Well. Well. Looks like it’s time to focus on things that only a cellar dweller hears, things that the inn keeper himself seems to ignore.
Ya see, living under the tavern, you hear all kinds of things, some good and some bad.
Honestly you hear and see more bad than good. Boy I tell ya, there is a list of BAD a mile long down here going back many years.
Today’s little gem that floated its way down into the cellar in 2006, its a product called “First Edition Feats”.
It can be found on RPGNOW.com, by Mob United Media… MUM? Hey Mum, can you give me a load of crap to shovel into my game.
First edition is by no means a PERFECT game, but it’s set in its ways, and plays well. There is no need to add giant horse turd into the game, such as FEATS, for $2.99!
Not only does this guy think anyone in the community would want to have feats, he thinks he can make a quick buck off of this shit.
Well, let me crawl back down the stairs to find another gem to share with you from my list of crap.
Want to leave feedback or have The Crusty Grog talk about something, feel free to email him firstname.lastname@example.org
Was this another guest blogger?ReplyDelete
I can understand if the product itself sucked, but the idea of putting feats into AD&D isn't terrible. In fact, it's practically 5th edition! Perhaps the execution was bad? I don't know because the reviewer spent too much time yapping about other stuff. And if it's from 2006, why is this relevant in 2014?
I thought it was meant to be humorous, and this was a way to draw attention to an overlooked product. Not sure on the quality or popularity of First Edition Feats, though, so I could be wrong. Feats can be a pretty mixed bag, so this may well be a terrible additionDelete
I suppose "Crusty Grog" is a clue, but I'm still not sure how much is shtick and how much is actual unmedicated ranting.Delete
"I can understand if the product itself sucked, but the idea of putting feats into AD&D isn't terrible. In fact, it's practically 5th edition!"Delete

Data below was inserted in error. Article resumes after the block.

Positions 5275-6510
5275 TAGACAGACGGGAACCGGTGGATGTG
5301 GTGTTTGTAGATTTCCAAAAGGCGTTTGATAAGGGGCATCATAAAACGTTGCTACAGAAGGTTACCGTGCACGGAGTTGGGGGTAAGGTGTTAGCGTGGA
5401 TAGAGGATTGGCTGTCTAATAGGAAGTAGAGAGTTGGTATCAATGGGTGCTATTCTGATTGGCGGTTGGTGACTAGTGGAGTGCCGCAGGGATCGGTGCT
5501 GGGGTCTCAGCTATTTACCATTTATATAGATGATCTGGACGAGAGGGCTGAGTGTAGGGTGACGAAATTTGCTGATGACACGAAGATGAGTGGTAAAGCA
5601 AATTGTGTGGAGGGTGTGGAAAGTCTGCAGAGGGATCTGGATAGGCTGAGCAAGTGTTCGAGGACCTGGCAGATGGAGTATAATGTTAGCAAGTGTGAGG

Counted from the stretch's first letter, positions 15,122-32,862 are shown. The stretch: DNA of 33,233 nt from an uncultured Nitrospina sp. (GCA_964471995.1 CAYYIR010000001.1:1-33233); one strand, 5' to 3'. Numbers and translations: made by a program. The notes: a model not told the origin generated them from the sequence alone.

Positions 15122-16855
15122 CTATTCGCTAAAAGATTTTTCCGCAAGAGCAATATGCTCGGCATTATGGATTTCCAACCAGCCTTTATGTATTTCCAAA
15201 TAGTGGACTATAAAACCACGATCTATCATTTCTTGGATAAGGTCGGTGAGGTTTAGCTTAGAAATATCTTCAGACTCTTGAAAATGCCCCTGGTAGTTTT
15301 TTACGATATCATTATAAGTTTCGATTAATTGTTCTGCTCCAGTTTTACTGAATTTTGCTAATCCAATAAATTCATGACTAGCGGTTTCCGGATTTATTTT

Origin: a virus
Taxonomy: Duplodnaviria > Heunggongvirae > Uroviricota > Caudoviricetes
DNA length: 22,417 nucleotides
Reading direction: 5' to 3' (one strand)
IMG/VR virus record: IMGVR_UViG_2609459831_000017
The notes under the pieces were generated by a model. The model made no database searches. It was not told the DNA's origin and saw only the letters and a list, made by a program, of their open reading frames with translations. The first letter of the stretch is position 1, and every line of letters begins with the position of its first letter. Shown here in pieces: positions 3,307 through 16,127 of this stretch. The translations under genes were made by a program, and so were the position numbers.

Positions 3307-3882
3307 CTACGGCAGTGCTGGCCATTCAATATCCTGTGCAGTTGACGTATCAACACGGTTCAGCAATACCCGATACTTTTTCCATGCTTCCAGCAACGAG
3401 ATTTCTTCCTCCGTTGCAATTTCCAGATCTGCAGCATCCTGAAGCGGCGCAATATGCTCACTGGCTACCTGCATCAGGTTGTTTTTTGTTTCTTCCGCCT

And this isn't terrible because...?
Yeah, I don't get the whole post. If someone wants to put feats into his 1e game, bashing him seems petty. If the product sucked, why pay it heed 8 years later?Delete
I would hardly say that 1st Edition AD&D "plays well", since basically no one plays it by the book. Almost everyone strips out some of the more cumbersome rules and tacks on a bunch of their own house rules.ReplyDelete
adnd had nwp system and OA proves it could do feat type things already which is how i run my game fine - i added more and stolen some feat type things no problems - i never got later skill and class skills and feats aproach or complex adding mods aproachReplyDelete
There was a wonderful issue of Dragon that had proto feats for 1st ed fighters they could purchase with their weapon proficiency slots. It sorta, kinda ruled.ReplyDelete
I bought a copy of this years ago. From the text:ReplyDelete
"First Edition Feats is a rules expansion for OSRIC™ and other 1E fantasy games. This
product moves beyond raw nostalgia and incorporates recent fantasy gaming designs into the solid, reliable and fun 1E engine. This supplement introduces 21 Combat Proficiencies: alternate uses for 1E weapon proficiency slots.
"Let’s make one thing clear, though: The Combat Proficiencies in this supplement aren’t just retreads of OGL feats! Instead, they’ve been designed to work according to the design logic of 1E games. This means more modest bonus, interesting special cases and rules that consider the abstract, lengthened nature of a 1E combat round. Combat Proficiencies are designed to feel like 1e rules."
Let me provide an example of one of the "feats" from the text:
Class: Druid, Fighter, Ranger
Prerequisite: Proficient in spear or any polearm.
Single Proficiency Benefit: Your character’s first attack with a spear or polearm always
wins initiative over opponents he is aware of, as long as they wield a shorter weapon. In most cases, this includes all weapons except for other spears, polearms, lances and two-handed swords.
Double Proficiency Benefit: Whenever your character wins initiative because of the benefit
above, he gains that attack as an extra attack. He may subsequently use his standard number of attacks later in the round.
I think the supplement is pretty good on the whole if you're looking to give modest, hard mechanical advantages to characters.
This looks pretty reasonable. Where's the turd part again?Delete
I haven't looked at OSRIC in a long time. Does it include weapon specialization? And if so, do these feats replace or stack with it?ReplyDelete
OSRIC does include optional weapon specialization.Delete
There is no need to add giant horse turd into the game, such as FEATS, for $2.99!"ReplyDelete
Am I the only person who thinks this is 100% correct?